But getting to the headline topic, just how similar is the present-day U.S. to Nazi Germany? Let’s look at specifics:

Nationalism

Corporate Capitalist Domination

  • Nazi Germany: Check. The German industrialists (notably the Krup armaments company) were key Hitler backers.
  • U.S.: Check. Obama’s primary 2008 backers were Wall Street firms and the pharmaceutical companies; Bush/Cheney’s were the energy companies’ boys, etc.

Militarism

  • Nazi Germany: The Nazis  constructed the world’s most powerful military in six years (1933-1939)
  • U.S.: U.S. military spending currently accounts for 43% of the world’s military spending, which is more than the next than the military spending of the next ten countries combined.

Military Worship

  • Nazi Germany: Do I really need to cite examples?
  • U.S.: “Support our troops!” “Our heroes.” Tune in to almost any baseball broadcast for abundant examples; this worship even extends to those on what passes for the left in the United States: Michael Moore, Stephen Colbert, Rachel Maddow.

Military Aggression

  • Nazi Germany: “Lebensraum”–you know the rest.
  • U.S.: To cite only examples from the last half century where there were significant numbers of “boots on the ground,” Vietnam (1959-1973), the Dominican Republic (1965), Cambodia (1970), Grenada (1983), Panama (1988-1990), Kuwait/Iraq (1991), Afghanistan (2001-present), Iraq (2003-2011).

Incarceration Rates

  • Nazi Germany: The Nazis built concentration camps holding (and exterminating) millions.
  • U.S.: In comparison, the U.S. merely has by far the highest incarceration rate in the industrialized world, with only Russia’s rate being anywhere near.

Justice System

  • Nazi Germany: The Nazis had a three-tiered “justice” system: one for the rich and powerful (who could get away with virtually anything); a second for the average citizen; a third for despised minorities and political foes.
  • U.S.: Obama’s “Justice” Department hasn’t even investigated the largest financial fraud in world history that led to the 2008 crash; prosecutors routinely pile on charges against average citizens to blackmail them into plea bargaining and pleading guilty to charges of which they’re not guilty; and the Obama Administration viciously goes after whistleblowers and reporters, who have exposed its wrongdoing–Bradley Manning, Julian Assange, Edward Snowden, Thomas Drake, James Risen, et al.–with a meat axe.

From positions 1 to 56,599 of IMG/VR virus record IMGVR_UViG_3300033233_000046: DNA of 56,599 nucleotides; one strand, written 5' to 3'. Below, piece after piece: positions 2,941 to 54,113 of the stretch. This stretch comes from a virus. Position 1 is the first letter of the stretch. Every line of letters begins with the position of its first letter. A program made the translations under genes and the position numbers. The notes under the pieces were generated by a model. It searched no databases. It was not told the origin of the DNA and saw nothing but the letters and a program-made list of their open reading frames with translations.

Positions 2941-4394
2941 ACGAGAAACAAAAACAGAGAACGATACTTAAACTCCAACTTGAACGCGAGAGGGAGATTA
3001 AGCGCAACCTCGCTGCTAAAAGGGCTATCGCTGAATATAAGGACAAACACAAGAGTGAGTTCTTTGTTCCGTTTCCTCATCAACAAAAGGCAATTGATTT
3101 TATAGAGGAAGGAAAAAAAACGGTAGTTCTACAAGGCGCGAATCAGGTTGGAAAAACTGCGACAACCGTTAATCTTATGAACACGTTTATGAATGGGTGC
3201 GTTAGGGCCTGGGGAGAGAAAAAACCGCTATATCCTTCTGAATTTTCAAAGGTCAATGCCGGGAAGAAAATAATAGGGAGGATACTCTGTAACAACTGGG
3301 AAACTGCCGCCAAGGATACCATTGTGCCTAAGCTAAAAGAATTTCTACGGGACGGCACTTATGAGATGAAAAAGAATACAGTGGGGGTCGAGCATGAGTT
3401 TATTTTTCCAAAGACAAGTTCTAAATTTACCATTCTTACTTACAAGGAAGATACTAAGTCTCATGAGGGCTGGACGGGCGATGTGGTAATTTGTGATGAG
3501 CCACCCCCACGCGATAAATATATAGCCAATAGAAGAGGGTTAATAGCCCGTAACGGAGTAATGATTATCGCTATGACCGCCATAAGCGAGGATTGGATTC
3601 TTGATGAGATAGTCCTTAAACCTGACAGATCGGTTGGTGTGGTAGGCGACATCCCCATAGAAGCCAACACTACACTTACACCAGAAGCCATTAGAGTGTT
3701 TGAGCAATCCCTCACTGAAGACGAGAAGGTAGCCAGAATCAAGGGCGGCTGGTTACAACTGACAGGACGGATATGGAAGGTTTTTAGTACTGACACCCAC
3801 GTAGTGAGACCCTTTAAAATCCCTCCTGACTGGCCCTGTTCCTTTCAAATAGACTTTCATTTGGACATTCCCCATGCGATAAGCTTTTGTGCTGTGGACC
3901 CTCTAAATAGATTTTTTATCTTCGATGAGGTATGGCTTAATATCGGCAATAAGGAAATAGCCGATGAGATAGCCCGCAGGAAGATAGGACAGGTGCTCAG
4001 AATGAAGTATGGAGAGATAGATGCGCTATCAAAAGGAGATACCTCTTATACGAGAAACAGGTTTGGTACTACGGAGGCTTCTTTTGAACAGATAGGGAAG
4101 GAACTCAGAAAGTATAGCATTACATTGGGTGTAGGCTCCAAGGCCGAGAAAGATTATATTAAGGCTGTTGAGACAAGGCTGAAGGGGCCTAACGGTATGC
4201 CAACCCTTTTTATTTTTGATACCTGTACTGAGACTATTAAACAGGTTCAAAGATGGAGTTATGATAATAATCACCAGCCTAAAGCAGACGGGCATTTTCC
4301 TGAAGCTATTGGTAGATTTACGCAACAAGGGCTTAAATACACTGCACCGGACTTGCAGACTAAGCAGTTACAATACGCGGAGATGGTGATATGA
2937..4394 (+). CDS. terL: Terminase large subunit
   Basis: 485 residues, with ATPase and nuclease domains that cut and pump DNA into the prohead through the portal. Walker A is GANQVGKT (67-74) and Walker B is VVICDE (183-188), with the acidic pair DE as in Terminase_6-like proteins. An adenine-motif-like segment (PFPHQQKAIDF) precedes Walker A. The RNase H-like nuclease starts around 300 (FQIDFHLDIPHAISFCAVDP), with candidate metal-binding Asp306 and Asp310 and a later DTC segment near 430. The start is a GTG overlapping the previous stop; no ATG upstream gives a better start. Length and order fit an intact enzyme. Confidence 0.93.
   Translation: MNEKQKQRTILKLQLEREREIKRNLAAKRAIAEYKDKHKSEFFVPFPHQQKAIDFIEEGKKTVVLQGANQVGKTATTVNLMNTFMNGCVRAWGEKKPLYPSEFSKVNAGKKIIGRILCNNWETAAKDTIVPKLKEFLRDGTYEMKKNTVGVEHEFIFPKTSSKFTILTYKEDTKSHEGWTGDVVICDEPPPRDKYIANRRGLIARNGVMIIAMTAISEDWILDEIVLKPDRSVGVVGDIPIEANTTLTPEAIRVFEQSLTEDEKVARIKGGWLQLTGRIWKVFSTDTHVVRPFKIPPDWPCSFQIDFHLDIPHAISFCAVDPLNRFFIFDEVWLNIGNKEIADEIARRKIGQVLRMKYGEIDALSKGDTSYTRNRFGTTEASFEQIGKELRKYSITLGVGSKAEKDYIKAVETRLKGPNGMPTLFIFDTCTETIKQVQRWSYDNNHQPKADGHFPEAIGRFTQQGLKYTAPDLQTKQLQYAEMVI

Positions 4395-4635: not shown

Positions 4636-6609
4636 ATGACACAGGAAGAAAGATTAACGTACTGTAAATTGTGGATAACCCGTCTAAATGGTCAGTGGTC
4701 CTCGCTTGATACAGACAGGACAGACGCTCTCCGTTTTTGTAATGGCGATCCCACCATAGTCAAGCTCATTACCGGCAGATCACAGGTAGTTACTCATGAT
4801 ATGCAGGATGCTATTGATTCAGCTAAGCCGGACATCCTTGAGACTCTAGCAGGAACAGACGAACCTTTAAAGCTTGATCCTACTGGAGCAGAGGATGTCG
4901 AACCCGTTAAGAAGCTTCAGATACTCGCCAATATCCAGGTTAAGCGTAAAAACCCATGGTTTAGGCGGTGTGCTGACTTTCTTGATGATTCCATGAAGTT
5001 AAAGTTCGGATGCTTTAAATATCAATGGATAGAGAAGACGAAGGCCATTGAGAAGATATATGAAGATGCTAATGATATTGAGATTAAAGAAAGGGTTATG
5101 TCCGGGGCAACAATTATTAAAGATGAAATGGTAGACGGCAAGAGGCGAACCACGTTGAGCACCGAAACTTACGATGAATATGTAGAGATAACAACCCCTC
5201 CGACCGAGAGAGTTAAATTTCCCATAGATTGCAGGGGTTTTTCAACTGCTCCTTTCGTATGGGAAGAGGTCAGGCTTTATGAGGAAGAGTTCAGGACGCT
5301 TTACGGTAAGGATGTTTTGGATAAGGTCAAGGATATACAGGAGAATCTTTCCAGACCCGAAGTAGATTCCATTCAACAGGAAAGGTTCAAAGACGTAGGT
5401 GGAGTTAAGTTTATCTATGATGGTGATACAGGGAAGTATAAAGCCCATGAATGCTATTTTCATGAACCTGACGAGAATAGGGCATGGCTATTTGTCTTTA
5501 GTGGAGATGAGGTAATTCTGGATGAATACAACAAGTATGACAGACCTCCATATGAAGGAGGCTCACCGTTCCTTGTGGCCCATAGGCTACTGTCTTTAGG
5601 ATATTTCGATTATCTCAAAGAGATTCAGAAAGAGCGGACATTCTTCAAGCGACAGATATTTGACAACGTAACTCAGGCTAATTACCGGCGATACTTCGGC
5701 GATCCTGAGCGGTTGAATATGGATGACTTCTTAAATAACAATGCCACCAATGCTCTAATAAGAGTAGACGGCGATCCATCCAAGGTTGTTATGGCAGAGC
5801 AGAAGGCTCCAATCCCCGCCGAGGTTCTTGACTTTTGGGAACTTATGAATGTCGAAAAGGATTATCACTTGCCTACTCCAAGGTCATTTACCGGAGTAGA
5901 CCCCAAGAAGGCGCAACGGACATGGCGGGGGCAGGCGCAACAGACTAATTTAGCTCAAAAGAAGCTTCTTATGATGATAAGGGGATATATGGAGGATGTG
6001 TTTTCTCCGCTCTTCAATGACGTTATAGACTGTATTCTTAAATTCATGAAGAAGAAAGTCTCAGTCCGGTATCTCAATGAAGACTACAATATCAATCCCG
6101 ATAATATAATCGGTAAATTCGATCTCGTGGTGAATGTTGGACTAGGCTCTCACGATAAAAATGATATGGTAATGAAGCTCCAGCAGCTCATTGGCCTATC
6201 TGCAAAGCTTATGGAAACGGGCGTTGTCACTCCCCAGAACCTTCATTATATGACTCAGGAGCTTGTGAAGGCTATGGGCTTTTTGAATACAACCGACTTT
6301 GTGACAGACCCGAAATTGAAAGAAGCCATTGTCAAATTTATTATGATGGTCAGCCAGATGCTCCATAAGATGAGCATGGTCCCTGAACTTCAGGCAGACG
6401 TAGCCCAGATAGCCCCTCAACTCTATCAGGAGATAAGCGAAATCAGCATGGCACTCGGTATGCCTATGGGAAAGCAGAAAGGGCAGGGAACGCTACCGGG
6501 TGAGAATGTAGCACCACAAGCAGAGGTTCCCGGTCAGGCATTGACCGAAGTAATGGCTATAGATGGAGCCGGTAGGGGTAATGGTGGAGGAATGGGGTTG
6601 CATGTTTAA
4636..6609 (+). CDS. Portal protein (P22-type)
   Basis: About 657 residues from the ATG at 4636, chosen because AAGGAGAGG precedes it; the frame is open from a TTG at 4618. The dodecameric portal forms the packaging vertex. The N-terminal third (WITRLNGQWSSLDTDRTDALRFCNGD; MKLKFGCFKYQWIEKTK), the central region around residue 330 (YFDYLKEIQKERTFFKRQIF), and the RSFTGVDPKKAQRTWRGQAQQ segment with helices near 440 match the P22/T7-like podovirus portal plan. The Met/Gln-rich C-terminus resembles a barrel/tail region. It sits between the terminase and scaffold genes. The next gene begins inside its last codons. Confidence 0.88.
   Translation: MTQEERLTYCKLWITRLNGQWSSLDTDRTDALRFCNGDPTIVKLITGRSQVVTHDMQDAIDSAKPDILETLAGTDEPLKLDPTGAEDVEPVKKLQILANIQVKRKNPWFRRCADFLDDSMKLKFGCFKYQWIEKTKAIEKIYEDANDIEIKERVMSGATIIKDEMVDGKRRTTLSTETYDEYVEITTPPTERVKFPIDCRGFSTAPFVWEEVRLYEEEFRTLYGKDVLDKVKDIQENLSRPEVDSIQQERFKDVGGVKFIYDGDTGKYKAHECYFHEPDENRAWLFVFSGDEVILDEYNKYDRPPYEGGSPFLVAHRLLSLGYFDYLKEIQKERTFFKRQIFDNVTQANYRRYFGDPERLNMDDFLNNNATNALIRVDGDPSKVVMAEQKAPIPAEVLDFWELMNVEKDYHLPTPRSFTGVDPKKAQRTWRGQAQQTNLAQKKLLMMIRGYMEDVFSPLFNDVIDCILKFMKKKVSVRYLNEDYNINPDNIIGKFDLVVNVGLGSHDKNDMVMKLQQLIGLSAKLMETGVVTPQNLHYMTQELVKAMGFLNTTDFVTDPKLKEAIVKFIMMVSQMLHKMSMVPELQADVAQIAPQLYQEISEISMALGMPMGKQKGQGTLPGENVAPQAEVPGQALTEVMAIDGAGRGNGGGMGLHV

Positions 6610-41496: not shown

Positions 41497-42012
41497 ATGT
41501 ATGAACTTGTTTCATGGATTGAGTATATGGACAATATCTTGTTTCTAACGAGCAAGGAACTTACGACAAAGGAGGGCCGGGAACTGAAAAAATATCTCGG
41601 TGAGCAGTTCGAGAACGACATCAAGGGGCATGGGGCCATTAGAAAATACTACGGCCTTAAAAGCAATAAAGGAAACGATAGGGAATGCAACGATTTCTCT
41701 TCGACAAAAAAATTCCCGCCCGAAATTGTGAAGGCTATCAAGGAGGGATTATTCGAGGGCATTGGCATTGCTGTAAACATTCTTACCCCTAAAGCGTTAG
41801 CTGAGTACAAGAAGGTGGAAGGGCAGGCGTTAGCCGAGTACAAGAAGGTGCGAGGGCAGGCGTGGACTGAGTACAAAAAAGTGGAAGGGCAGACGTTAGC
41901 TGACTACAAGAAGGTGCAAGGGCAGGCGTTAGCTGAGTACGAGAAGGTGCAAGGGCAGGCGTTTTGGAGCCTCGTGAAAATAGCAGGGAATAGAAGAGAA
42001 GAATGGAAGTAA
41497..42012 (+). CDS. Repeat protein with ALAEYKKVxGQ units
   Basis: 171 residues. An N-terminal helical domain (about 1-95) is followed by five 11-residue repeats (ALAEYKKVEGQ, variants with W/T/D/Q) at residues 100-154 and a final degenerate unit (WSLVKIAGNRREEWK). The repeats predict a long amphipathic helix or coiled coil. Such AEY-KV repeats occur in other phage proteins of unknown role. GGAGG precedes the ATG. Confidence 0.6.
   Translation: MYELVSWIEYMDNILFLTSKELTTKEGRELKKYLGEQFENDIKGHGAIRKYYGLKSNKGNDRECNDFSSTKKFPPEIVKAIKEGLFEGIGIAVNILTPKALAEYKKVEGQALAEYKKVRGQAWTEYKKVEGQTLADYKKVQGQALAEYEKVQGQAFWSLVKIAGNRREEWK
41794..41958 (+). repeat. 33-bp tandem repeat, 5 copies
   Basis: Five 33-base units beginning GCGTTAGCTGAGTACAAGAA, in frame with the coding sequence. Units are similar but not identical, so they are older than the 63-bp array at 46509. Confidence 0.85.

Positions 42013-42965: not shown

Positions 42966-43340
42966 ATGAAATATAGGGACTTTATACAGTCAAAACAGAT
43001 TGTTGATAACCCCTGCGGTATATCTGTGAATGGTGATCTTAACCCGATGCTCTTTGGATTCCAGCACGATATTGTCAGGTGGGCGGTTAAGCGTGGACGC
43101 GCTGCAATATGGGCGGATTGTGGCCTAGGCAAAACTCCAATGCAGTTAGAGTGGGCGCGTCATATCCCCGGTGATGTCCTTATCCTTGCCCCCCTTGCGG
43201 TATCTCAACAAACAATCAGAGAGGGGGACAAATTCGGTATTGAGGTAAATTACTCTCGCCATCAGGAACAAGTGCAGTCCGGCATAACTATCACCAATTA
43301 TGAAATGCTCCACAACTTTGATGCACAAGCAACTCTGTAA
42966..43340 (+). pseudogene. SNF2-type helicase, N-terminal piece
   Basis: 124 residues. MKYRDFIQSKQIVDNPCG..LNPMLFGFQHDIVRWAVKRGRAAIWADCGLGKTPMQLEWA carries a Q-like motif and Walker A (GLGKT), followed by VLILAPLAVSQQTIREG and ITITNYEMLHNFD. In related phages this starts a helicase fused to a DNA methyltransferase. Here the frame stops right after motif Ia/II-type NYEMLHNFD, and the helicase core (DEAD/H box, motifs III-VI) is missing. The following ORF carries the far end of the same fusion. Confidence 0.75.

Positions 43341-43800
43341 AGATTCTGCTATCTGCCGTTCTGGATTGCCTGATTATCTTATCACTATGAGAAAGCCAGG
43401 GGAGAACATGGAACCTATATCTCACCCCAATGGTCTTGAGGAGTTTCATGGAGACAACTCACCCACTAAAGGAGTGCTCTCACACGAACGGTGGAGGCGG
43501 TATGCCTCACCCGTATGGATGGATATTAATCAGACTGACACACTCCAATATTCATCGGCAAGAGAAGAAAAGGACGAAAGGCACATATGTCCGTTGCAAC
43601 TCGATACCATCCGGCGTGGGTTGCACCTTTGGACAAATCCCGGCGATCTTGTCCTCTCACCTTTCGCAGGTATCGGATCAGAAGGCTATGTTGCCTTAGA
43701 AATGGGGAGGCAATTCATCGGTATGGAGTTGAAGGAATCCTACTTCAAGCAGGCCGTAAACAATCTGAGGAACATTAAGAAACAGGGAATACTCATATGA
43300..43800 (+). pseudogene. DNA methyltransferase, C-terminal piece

Suppression of Unions

  • Nazi Germany: In Nazi Germany, the government tightly controlled the unions.
  • U.S.: In the U.S., the government merely suppresses strikes when “in the national interest” and allows corporations to crush union organizing drives by firing anyone who dares to attempt to organize.

Free Speech

  • Nazi Germany: Total suppression of free speech; direct government control of the media.
  • U.S.: Corporate control of the media. Suppression of free speech when it shows the faintest sign of threatening the government or the corporations that control the government. Obama’s war on whistleblowers and reporters is only the latest example.

Other Civil Liberties

  • Nazi Germany: Total suppression.
  • U.S.: Suppression when individuals exercising those liberties show the faintest sign of threatening the government or the corporations that control the government. The coordinated suppression (by the FBI, local governments, and corporate security agencies) of the Occupy Movement nationwide is the latest large-scale example.

Government Spying

  • Nazi Germany: The government had a massive eavesdropping operation. No citizen was safe from government scrutiny.
  • U.S.: Obama’s NSA makes the Nazis look like amateurs.

Free Elections

  • Nazi Germany: Total suppression
  • U.S.: The opportunity to vote for the millionaire representatives (over halfof congress at last count) of the two wings of the property party: one wing being authoritarian, corporate-servant, crazy theofascists (yes, they meet the definition), the other wing being merely authoritarian corporate servants who routinely betray those who elect them.

Yes, there are very significant differences between Nazi Germany and the U.S. But there are also significant similarities.